What do you pick: a one-day volcano hike or a two-day hike?

It is also possible to walk the Acatenango in a day. You won’t sleep on top, and you will not experience sunset or sunrise. At some companies, it is slightly cheaper to do the one-day hike.

We didn’t speak to anyone who did the one-day hike, but for us, the choice was very easy. I found the camping on the volcano very special. In addition, it is really worthwhile to be at the Acatenango at night because you see the Fuego spitting much better. During the day the red lava is not visible, only when it is dark.

Any other cool volcanoes in Guatemala?

It is also possible to climb the Pacaya volcano. This is a one-day hike, but in the future, there will also be two-day hikes where you will stay on the volcano. Finally, it is possible to climb the Tajumulco volcano. It is located near Xela, about three hours away from Antigua and is with its 4220 meters, the highest mountain in Central America.

Packing list for climbing a volcano!

What do you pack to climb volcanoes like Acatanenago or Fuego in Guatemala? Lot’s of layers! In the evening it cools down tremendously and you really need a lot of different layers to stay warm. In addition, carrying 4 litres of water is essential and a flashlight (and the most useful is a headlight) is super handy.

The majority of your belongings can be rented in Antigua. However, we have taken almost everything ourselves. Keep in mind that you will carry your food and eating utensils yourself, so there must still be room in your bag. Here is a list of what was in our backpack during this hike:

  • 2 pairs of thick socks
  • walking shoes
  • long shorts
  • short shorts
  • thermo pants
  • underwear
  • possibly extra candy
  • 4 L water

  • sweater
  • thermal shirt
  • long sleeve shirt
  • 2 sports shirts
  • thick winter coat
  • toiletries
  • toilet paper

  • cap
  • warm hat
  • scarf
  • gloves
  • optional: extra cushion
  • flashlight / headlamp
  • sunglasses
  • camera / go pro / drone

Is it difficult to clim the Acatenango volcano?

It is certainly not a small easy hike that you do, but on the other hand, if you are in a good condition and you like to hike, then this volcano is super doable. We hike a lot ourselves but were quite a bit frightened by all the horror stories. This would be a horrible, heavy hike. Well, it was definitely not so bad as we thought. Up to the basecamp you walk for about four hours with a regular break. The road is steep, and especially during the first part the guides take their time, you will have enough time to catch your breath with every 20 to 30 minutes a few minutes of rest.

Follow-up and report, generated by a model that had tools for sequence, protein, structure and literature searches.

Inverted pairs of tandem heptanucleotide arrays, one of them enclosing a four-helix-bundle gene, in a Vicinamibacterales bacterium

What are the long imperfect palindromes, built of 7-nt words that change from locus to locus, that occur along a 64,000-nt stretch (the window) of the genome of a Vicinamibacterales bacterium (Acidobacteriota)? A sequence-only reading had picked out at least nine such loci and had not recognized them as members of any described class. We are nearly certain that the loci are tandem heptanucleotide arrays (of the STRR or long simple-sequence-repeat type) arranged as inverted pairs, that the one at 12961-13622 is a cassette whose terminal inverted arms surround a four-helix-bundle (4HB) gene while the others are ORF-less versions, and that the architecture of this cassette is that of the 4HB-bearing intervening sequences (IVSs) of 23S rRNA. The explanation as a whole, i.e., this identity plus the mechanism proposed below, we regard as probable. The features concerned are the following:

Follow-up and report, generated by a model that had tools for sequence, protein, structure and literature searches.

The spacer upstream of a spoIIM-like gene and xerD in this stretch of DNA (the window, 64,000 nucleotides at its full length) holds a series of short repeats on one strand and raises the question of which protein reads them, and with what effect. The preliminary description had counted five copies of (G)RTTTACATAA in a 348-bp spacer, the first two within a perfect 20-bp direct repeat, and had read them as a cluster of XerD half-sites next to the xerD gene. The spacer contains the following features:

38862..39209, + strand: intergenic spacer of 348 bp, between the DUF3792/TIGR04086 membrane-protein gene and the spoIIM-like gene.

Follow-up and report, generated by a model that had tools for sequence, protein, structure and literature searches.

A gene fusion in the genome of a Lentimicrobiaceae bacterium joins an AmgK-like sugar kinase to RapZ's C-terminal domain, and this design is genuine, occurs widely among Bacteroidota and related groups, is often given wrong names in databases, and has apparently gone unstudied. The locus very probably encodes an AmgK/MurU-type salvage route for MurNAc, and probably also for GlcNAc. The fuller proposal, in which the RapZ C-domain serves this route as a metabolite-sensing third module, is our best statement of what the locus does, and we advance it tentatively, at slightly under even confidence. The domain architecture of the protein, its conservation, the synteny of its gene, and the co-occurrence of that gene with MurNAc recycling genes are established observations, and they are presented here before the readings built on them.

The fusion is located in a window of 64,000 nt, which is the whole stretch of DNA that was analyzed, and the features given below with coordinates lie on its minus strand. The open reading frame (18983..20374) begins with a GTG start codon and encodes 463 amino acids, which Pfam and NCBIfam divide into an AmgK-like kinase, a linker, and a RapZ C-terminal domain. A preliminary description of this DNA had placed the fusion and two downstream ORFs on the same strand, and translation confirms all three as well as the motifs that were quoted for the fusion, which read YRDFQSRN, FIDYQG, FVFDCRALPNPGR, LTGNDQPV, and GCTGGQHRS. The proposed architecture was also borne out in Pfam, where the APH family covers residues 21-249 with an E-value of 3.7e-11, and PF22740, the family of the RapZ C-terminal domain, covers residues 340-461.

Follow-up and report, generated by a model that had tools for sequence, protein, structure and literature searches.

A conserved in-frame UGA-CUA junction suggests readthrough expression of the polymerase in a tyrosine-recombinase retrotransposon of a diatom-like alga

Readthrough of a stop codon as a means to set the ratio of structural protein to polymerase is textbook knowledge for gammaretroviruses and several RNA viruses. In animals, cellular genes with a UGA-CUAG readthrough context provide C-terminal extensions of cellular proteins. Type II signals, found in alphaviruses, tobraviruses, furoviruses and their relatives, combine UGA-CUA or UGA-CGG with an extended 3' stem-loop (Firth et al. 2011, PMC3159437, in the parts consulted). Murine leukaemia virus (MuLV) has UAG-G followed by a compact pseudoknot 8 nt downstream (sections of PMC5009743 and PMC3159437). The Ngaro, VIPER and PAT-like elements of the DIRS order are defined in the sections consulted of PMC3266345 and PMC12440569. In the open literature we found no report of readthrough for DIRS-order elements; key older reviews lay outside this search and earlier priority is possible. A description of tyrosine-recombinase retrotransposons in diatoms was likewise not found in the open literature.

The difficult part: from basecamp to the top!

From basecamp to the top I found a bit more difficult. You are now at a high altitude, and I noticed that very good. I didn’t suffer from altitude sickness, but it got lighter in my head, I was sometimes dizzy and had a bit of a headache. It takes about an hour to walk to the top. When we arrived there, the wind blows incredibly hard, but this is not always the case. The way back was completely in the dark, super quick, but for me at least as hard as the way up.

Here you can read the diary blog I wrote about the Acatenango and Fuego hike!

And what was our experience climbing the Fuego volcano?

Ries hiked an extra volcano, the Fuego. Here you start around 16.00 from basecamp, you first walk down part of Acatenango, and then in a straight line up the Fuego. This takes about 2.5 hours. After an hour of taking pictures and waiting for eruptions, you hike back in complete darkness, another 2.5 hours.

This is really a very heavy hike. Ries has a good physical condition, sports five times a week on average and has done marathons and other heavy runs in the past. He thought this was one of the toughest things he ever did. In addition, climbing the Fuego is not without risk. This is the volcano that erupts every 20 minutes and has caused many deaths in June. On the other hand, it is spectacular to walk across a rumbling volcano and to see eruptions just above you.

All you need to know about climbing the Acatenango and Fuego Volcanoes

I wonder how you experienced or will experience this hike! Do you have tips for other readers about this trek? Let us know via a comment! And if you have any questions, send us a message or leave a comment.

Blogs on Guatemala

All my other blogs about Guatemala.

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All you need to know about climbing the Acatenango and Fuego Volcanoes

Other blogs about Guatemala

Budget tips: What did we spend in Guatemala?
Diary: hiking the active volcano Acatenango in Guatemala